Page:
AstraZeneca stands to benefit greatly from the successful studies, to date, on the use of Parp Inhibitors in the treatment of cancer. The targeted treatment received mass publicity in June 2009 when a study came out showed great promise and results. So how did AstraZeneca become involved with parp inhibitors? In 2006, AstraZeneca acquired a privately owned UK-based pharmaceutical company experimenting with parp inhibitors in the treatment of cancer. The company, KuDOS Pharmaceuticals Limited, was bought for nearly $200 million. At the time, AstraZeneca put out a press release stating, in part:
“The acquisition of KuDOS Pharmaceuticals represents an important strategic step for AstraZeneca: strengthening its portfolio of promising cancer treatments from external opportunities and also demonstrating its commitment to discover, develop and bring to market innovative therapies.
This transaction provides AstraZeneca with a widely-recognised expert group and technology platform in an area of research that complements internal capabilities in oncology, one of the company’s key therapy areas. The DNA repair platform developed by KuDOS Pharmaceuticals, in association with its founder Professor Stephen Jackson of Cambridge University, includes several different approaches towards inhibition of enzymes involved in the responses to various types of DNA damage. DNA repair inhibitors have the potential to kill cancer cells either as stand-alone therapy or by enhancing the efficacy of chemo- and radio-therapies.”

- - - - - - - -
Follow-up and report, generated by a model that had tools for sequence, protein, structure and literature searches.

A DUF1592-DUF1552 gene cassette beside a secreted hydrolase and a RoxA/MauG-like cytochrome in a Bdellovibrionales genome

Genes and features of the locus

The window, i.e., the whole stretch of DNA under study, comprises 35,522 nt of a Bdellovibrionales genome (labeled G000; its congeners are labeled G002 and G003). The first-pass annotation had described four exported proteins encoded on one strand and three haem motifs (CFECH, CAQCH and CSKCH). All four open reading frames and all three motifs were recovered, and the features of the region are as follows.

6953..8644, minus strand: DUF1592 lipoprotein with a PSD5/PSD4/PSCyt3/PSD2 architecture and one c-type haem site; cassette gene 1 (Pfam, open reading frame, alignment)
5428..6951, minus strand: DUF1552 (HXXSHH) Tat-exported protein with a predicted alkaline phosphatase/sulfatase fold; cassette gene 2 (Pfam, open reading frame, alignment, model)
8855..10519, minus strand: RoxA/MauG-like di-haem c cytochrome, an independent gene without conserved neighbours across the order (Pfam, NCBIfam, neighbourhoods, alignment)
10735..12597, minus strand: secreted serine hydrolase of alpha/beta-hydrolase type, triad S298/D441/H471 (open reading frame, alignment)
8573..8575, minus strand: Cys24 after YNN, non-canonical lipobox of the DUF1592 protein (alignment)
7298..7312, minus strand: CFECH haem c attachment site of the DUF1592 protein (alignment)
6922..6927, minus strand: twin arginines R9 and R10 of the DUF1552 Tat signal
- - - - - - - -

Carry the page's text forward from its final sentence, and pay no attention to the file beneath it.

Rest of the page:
Now AstraZeneca stands to profit nicely if the study of parp inhibitors continue to produce positive results. Parp inhibitors have been shown to stop tumor cell DNA from repairing itself when a patient goes through chemotherapy. That’s a vital step forward in the treatment of cancer. If further studies continue to back the initial results, then parp inhibitors will be considered one of the biggest breakthroughs in the treatment of cancer in decades. And AstraZeneca will be at the forefront of that movement, thanks to a purchase made in 2006 that is paying off big for AstraZeneca and for those hoping for advances in cancer treatment.